Indeed Obama has proved it is possible for the grandson of a Kenyan cook to become President of USA, but the rapturous applause he got shows the bi-polar nature of parliament - which as David Miliband's tweet above notes, is quite unrepresentative. This is the same institution trying to wriggle out of compensating the Kenyans tortured under British colonial rule because the government is not responsible for what happened in its colonies. Obama ever th
“I’d say I’m a social-consciousness rapper, but that’s so restrictive because then I go and do a song about some lady’s ass. I like to clown. I sometimes reflect on bad things that are going on but I don’t do foreboding.
...Last year I did a barefooted walk against poverty. A human-rights group asked if I would lead the procession. At that time some major oil contracts were being signed so we were doing the walk to raise awareness about how things went down in Nigeria.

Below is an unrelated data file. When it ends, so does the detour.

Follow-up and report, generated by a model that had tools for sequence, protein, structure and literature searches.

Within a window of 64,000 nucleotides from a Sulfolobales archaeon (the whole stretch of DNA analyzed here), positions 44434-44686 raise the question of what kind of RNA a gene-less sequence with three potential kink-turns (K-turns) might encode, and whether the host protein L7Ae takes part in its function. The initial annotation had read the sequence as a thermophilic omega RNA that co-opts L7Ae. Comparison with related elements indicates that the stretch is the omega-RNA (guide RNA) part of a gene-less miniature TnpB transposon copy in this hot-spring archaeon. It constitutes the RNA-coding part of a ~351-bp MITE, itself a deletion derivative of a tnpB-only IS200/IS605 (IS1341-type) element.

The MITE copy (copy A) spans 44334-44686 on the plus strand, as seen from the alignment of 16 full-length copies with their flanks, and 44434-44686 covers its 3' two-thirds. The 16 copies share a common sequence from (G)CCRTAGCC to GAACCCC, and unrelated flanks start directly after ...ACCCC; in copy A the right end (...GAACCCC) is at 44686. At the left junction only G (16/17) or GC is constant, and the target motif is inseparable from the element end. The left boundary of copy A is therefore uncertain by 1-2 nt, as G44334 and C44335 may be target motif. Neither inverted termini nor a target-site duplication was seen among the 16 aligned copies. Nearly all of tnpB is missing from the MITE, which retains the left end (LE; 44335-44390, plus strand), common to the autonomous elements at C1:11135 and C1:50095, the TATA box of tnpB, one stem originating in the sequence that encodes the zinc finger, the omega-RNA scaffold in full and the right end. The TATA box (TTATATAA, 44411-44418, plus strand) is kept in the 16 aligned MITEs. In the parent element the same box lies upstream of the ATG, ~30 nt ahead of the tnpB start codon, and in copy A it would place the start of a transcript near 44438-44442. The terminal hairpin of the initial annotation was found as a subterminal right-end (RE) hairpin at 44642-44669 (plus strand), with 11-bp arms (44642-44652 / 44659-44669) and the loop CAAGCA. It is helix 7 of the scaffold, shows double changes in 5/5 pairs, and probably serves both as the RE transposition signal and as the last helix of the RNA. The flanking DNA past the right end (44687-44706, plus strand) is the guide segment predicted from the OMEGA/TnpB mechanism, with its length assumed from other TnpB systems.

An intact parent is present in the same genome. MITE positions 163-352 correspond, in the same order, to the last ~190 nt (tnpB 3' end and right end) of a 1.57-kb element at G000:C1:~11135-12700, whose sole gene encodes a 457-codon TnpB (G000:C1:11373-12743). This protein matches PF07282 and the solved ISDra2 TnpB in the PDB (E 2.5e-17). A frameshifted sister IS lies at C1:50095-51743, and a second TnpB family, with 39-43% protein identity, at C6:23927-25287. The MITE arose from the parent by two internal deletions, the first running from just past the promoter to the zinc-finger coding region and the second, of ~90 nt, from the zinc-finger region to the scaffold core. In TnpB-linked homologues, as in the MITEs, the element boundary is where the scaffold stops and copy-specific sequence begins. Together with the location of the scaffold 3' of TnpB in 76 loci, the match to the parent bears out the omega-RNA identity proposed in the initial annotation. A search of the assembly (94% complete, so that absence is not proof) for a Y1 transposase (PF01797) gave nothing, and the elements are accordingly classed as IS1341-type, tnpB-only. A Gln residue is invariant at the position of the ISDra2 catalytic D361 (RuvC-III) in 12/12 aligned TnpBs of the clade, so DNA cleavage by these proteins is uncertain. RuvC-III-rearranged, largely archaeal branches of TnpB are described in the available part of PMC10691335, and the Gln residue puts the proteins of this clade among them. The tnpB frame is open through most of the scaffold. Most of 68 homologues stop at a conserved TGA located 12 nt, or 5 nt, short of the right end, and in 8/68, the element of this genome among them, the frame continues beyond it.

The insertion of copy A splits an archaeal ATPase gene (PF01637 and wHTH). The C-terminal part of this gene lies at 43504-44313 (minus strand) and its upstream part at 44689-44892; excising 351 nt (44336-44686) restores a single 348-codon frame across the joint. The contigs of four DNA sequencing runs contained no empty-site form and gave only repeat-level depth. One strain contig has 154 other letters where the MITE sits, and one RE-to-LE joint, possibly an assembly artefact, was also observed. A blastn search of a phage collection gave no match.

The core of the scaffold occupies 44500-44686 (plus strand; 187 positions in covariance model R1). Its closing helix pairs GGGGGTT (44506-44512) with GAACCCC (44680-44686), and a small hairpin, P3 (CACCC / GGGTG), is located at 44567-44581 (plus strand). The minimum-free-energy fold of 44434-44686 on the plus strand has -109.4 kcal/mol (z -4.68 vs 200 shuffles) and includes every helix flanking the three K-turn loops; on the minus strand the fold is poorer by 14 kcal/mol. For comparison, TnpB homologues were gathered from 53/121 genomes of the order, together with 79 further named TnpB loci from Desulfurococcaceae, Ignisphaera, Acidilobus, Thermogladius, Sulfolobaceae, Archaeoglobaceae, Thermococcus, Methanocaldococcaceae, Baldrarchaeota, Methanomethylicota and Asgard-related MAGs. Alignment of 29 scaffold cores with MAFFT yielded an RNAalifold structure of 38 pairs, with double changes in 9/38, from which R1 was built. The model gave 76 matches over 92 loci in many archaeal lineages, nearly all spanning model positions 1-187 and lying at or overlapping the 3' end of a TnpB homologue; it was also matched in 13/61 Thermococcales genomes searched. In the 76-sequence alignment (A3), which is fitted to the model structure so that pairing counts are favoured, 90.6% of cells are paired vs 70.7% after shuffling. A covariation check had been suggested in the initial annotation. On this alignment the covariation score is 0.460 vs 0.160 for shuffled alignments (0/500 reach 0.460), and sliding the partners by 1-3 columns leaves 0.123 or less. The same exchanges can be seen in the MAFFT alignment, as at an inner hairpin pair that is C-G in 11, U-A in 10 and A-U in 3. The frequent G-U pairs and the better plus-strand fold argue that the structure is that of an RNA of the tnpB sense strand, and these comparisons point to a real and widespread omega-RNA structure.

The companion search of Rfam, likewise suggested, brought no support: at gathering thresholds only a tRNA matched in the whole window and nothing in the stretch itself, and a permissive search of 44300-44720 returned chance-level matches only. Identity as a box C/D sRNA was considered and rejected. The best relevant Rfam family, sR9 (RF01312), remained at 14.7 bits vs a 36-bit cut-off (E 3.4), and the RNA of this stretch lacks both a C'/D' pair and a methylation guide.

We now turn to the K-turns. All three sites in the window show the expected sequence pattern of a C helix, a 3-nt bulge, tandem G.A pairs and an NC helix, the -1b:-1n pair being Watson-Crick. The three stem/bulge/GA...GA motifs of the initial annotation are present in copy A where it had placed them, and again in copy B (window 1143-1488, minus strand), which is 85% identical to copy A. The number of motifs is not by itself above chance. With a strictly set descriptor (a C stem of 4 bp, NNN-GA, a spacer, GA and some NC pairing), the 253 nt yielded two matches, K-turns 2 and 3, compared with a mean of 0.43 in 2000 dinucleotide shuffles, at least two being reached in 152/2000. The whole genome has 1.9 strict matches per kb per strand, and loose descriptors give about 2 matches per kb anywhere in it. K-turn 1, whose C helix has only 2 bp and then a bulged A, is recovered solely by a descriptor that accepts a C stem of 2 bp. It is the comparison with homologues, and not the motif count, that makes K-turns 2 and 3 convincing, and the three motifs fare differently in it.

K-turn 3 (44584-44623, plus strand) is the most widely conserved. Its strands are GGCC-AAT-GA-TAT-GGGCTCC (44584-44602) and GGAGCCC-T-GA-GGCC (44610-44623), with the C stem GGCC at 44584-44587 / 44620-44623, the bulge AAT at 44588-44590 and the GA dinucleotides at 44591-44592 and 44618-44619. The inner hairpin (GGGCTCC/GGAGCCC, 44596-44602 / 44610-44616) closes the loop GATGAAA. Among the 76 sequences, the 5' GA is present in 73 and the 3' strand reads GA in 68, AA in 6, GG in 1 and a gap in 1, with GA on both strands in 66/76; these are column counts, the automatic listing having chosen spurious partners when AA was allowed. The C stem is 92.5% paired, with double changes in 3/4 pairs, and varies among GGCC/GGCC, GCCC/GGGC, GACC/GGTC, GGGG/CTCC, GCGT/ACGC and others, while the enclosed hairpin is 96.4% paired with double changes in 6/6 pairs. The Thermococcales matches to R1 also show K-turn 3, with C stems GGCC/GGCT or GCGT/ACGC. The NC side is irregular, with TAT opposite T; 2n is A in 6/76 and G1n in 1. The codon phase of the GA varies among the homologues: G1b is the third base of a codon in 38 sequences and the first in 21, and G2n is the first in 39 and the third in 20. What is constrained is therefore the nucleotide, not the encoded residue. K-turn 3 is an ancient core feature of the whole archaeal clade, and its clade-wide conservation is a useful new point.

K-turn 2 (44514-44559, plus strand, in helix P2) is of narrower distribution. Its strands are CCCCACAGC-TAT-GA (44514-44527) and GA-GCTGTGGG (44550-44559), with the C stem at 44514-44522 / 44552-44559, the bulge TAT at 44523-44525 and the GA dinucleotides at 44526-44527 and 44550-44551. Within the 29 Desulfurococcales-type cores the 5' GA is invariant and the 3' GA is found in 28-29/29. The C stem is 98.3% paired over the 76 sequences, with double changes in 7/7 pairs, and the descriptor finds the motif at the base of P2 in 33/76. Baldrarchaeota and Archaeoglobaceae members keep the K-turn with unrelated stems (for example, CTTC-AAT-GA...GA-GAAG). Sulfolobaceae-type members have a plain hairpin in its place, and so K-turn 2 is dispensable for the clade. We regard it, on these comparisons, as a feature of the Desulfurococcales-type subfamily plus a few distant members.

...When I write, things that bother me – slums, sanitation, wars, climate – come out too. My second album was soccer-themed but there were messages. At that time there were many scandals going on; a minister had taken government funds and thrown a party. For people who know what’s going on politically, the cover sleeve is interesting [because it’s a cartoon satire of current scandals].
I’m more into the environment. Pollution bothers me. And I don’t like seeing villages all branded. The whole country is branded in mobile phone colours. Every roundabout or monument is branded by some company. “Pidgin slang is the language that everyone from the shoe-shine boy to the vice president uses with their friends. With pidgin, people start picking out stronger terms, words that sound cooler, and they keep building.